Lantern Slides of the Open Spaces Society

A group of beech trees and vegetation on the edge of a pond.

The Open Spaces Society (OSS) was founded in 1865. It is the oldest national society in Britain campaigning for the preservation of commons, public paths, and open spaces. The Society has contributed to saving public access to many of our best-loved landscapes and rights of way across the country. The Open Spaces Society Collection at […]

Migrant workers: Summer on a strawberry farm

One of 30 ink and watercolour sketches by Sarah Hannis providing insight into the daily lives of migrant agricultural workers who came to the UK in 2021. This image shows workers walking to work.

In a previous exhibition, illustrations by Sarah Hannis showed the work of seasonal migrants in winter. As we progress to warmer months, this exhibition shows the role of migrant workers during summer on a UK strawberry farm. The story is based on interviews with workers and on photos they shared during the Feeding the Nation […]

1918 Allotment, Oxford

Close up of snail on a leaf from JC Niala, 'Portal: 1918 Allotment' (Fig: Oxford, 2022), p.2

Between Spring and Autumn of 2021, JC Niala recreated an allotment in the style of 1918 on one of Fig’s plots on Elder Stubbs Allotments in Oxford. This online exhibition shares images and reflections from the resultant book. Entitled Portal:1918 Allotment, this formed a document of the project through poems, journal entries, and images. The […]

Migrant workers: The raspberry planter

Detail from one of 30 ink and watercolour sketches by Sarah Hannis, provide an insight into the daily lives of migrant agricultural workers

This exhibition is part of a new series exploring the role of seasonal migrant workers in UK food security. Illustrations by Sarah Hannis provide an insight into the lives of migrant agricultural workers who came to the UK in 2020 and 2021. The accompanying story is based on interviews with workers and on photos they […]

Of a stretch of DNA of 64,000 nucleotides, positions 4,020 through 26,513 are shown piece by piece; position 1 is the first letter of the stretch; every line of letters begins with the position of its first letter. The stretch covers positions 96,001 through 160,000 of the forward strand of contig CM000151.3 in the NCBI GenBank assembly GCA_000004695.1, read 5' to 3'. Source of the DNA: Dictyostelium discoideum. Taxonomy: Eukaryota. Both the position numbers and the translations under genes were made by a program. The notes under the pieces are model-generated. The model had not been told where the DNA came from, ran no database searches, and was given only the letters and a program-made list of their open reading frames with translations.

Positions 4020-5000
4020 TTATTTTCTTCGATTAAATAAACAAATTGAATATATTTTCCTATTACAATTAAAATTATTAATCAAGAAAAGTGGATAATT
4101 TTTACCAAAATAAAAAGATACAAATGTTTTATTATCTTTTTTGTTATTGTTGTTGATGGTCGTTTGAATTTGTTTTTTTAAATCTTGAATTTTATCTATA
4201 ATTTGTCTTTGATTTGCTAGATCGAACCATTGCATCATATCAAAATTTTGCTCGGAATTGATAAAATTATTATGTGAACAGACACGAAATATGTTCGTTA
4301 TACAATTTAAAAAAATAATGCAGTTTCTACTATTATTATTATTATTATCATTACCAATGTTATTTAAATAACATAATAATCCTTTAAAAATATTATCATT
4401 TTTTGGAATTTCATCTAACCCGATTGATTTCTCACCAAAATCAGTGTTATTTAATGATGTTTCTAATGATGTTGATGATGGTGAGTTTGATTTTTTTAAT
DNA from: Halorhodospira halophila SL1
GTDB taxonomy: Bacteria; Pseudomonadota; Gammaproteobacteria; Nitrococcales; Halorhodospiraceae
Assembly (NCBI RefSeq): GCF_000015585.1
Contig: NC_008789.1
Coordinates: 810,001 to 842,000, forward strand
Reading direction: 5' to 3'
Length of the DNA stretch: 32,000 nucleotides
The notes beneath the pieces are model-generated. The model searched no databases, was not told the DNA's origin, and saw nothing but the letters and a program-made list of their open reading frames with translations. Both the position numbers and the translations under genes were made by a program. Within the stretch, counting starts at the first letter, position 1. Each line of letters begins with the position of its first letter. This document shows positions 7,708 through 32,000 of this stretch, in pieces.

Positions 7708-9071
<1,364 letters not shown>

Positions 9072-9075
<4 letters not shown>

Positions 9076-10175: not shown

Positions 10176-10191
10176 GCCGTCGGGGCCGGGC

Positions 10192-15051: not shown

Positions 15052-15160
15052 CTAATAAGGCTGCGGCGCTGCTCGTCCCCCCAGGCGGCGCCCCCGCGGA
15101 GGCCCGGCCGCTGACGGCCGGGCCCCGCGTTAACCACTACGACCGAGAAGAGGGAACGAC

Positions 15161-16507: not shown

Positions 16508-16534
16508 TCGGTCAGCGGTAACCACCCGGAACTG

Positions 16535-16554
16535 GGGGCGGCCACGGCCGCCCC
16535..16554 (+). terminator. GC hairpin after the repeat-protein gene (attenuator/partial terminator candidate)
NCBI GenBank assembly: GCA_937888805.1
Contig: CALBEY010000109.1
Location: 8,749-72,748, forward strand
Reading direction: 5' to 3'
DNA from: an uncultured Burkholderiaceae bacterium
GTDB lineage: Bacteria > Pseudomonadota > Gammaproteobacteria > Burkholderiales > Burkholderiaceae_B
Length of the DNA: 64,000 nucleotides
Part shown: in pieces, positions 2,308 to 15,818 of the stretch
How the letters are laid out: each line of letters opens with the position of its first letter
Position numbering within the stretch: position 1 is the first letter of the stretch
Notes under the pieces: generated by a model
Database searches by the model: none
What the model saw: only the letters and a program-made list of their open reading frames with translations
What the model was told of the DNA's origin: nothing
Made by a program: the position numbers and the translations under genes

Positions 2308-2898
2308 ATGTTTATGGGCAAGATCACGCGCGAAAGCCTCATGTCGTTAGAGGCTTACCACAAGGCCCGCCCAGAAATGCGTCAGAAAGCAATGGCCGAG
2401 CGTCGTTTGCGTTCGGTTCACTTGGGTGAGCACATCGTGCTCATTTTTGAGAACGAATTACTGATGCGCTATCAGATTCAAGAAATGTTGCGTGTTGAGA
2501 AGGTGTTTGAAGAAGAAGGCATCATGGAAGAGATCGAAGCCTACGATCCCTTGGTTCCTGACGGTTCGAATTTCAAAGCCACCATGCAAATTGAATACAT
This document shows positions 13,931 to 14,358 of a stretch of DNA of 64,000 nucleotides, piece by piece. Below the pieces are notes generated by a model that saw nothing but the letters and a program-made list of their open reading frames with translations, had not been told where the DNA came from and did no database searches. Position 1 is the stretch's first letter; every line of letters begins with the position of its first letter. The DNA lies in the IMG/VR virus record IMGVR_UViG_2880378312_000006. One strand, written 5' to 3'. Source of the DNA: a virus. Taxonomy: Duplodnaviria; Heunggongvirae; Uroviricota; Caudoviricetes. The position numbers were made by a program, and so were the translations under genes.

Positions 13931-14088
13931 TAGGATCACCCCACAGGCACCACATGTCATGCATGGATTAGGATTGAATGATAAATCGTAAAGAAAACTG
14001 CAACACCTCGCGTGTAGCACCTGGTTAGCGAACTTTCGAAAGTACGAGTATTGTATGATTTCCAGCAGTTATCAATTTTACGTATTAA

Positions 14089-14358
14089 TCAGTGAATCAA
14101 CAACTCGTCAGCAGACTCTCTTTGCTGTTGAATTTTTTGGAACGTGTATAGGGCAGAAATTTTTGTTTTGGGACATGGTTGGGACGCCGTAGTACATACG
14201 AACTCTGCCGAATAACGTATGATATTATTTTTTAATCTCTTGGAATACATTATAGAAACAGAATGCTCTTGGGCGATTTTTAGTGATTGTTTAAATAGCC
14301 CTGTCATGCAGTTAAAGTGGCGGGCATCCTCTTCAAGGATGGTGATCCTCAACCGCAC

‘Be ye kind to one another’: rural togetherness in times of crisis

A Friendly Society festival.

People in the countryside have always had a strong sense of community, and this has always been the most apparent during times of hardship. Whether these crises throughout history were caused by pandemics, natural disasters, or socio-economic factors, many examples can be traced throughout English history of rural people banding together to survive. In this […]

Changing Perspectives in the Countryside

As part of The MERL’s Building Connections project (funded by Arts Council England), we have sought to explore different stories and themes that live within our collection from the history of the English countryside. As we researched a range of themes and topics—from LGBTQ+ rural experience to the history of migration—it became clear to us that there were many [...]

51 Voices

Featured image for the online exhibition.
The MERL is 70 | 51 Voices | 51 Objects To mark our 70th year in 2021, we explored objects connected to 1951, the year the museum was established. We worked with artists and writers from many different communities and backgrounds to link these items to the priorities and passions of the past, present, and [...]

Superstition and folklore object trail

In rural communities of the past, people’s lives depended on bountiful harvests and healthy livestock. They would, therefore, be vigilant for any signs of looming disaster. When things did sour, the people lacked the viewpoint of modern science to determine cause. Instead, they would place blame at the door of the evil eye, of witchcraft […]

Fowler: National and International Steam Power

Featured image for Fowler exhibition

Ploughing is one of the most essential jobs on the farm, as it tills the earth and results in a stronger yield. Introduced in the latter half of the 19th century, steam ploughing began to mechanise the process. It allowed for greater productivity and speed at a time of enormous population growth which demanded more […]